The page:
The Downs close to Epsom have always been one of the green lungs of the greater London area and even became something of a health pilgrimage spot with the discovery of Epsom Salts around the year of 1620. But despite the regular stream of weekend ramblers from the city, the Downs basically remained a nice place out in the middle of nowhere. The sole reason to build a railway line terminus there was horse racing (which had also started around 1620 and turned into a major event with crowds of spectators since the 1770s), and the sole point the Banstead & Epsom Downs Railway was aiming at was the Epsom racecourse and Grandstand.


Due to fierce opposition of both the Lord of the Manor of Epsom Downs and the Epsom Grandstand Association, however, the original plans to build the station as close as 220 yards to the Grandstand had to be changed.

In the end Epsom Downs station came to be built some 1100 yards away from its actual destination.

While this was of course much closer to the racecourse than any other railway station at the time, Epsom Downs station still remained slightly "in the middle of nowhere" - a fact which became all the more evident when the South Eastern Railway opened its station at Tattenham Corner in 1901 in the close vicinity of the racecourse and Grandstand.


Image reproduced with kind permission of Ordnance Survey

However, the area bordering Epsom Downs station to the East and South began to see a steadily rising amount of housing development, providing new and unforeseen commuter traffic to London as of the 1920s for the branch.

(Illustrated London News Supplement, 3 June 1865) (personal collection)

  The first ever published image of Epsom Downs station comes from the Illustrated London News Supplement, which devoted half a page in its edition of 3rd June 1865 to feature an illustration of the terminus building only two weeks after the branch line had opened to traffic.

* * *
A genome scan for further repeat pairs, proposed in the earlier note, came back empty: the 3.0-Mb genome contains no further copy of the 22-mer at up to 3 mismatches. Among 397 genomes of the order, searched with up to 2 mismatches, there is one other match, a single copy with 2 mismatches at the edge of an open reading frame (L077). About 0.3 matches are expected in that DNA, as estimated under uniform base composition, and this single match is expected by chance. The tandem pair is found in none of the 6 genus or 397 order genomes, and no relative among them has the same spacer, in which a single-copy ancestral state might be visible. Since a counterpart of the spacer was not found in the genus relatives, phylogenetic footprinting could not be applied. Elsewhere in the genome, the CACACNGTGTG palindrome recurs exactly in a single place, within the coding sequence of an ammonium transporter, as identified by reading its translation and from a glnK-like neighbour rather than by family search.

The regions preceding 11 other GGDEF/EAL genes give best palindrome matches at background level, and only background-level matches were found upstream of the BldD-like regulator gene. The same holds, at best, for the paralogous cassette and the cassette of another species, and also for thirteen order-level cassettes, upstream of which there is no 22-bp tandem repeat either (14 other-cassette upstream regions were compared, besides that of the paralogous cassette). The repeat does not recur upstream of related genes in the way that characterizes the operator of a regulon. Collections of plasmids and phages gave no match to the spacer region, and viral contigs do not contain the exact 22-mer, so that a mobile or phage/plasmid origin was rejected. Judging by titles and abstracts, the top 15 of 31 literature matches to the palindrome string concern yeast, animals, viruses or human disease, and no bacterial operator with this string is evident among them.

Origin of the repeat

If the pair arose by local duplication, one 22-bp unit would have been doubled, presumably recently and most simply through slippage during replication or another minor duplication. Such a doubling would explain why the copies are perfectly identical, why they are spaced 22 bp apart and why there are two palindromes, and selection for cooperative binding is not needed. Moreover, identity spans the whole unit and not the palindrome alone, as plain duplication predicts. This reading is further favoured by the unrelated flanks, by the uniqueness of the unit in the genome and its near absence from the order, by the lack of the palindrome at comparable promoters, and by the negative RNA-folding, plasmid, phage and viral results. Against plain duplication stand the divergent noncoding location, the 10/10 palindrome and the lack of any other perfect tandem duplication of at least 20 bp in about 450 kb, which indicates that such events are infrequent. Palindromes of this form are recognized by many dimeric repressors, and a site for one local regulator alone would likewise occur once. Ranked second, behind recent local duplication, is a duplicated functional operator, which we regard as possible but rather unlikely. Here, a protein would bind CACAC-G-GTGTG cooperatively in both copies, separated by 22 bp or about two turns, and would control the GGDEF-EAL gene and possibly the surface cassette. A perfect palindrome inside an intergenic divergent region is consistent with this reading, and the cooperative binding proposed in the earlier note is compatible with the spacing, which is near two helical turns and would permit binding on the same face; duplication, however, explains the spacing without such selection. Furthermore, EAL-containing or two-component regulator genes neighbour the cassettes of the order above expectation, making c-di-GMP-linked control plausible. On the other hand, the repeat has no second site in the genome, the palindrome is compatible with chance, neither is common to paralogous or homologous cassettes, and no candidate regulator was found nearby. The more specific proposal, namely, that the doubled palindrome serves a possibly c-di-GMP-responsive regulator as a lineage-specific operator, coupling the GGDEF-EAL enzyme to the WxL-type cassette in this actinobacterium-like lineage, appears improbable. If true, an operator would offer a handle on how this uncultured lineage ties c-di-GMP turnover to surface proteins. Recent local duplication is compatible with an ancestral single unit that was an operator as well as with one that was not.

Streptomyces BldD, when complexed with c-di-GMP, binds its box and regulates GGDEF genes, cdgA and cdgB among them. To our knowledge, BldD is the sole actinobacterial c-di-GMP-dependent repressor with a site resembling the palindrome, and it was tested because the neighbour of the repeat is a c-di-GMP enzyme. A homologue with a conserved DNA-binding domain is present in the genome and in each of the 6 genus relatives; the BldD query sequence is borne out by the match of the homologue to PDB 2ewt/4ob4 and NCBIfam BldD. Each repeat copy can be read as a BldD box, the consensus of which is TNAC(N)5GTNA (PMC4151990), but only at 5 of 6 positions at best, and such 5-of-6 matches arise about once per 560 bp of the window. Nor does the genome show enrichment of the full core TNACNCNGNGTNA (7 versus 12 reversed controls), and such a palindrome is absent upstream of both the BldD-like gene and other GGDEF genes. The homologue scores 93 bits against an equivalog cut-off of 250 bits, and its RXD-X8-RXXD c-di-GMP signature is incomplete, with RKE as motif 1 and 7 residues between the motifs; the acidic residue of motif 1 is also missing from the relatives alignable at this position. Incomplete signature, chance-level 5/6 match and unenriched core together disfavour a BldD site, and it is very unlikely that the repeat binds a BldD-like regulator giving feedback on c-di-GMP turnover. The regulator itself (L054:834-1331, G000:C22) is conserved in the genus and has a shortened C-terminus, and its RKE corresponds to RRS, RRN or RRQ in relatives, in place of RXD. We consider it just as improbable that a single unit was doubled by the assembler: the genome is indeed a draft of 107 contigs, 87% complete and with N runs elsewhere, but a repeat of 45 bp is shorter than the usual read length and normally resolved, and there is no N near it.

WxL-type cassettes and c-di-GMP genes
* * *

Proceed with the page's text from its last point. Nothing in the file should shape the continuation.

Photography was well established in England by that time, and it is therefore almost certain that numerous pictures must have been taken on and around the opening of this new branchline, not the least due to the prestigious clientèle which were amongst the 70,000 people who for the first time took a train to Epsom Downs to see the Derby in late May 1865.

The oldest photographic picture showing the railway at Epsom Downs which is publicly available, however, seems to be a view taken on 30 May 1877 - Derby Day.

No less than fifteen locomotives can be spotted in this picture (which reputedly was also on display in the stationmaster's office for decades), already turned and thus ready for the return trips of their race specials, some of which were all 1st class.
Most period photographs depicting steam on the line on Derby day feature a glimpse of the Royal Train, but the 1877 view shows no such special locomotive.

Although the first Royal train journey took place as early as 1842, royalty only started to travel to the Derby by train on the Epsom Downs branch from the end of Queen Victoria's reign (1901) until 1924 (Kirby, 1983).

By 1900, the track plan at Epsom Downs was characterized by the numerous facilities required for the servicing and turning of steam locomotives, the station approach laid out for the handling of the multitude of trains it only ever saw once a year.



Epsom Downs on Derby day in 1877 - traffic and engines galore!
(Lens of Sutton)


[left] Epsom Downs Station, 1900
(Lens of Sutton)

This track layout was cut back substantially after electrification came into operation in July 1930, and the turntable was removed in February 1931 (Kirby, 1983). But even so, Epsom Downs station remained what it had been right from its construction: a paradoxical affair. Designed to handle great bustling masses of travellers, these only came here on a very limited number of days during the year. For all the rest of the year, the station complex was oversized beyond description.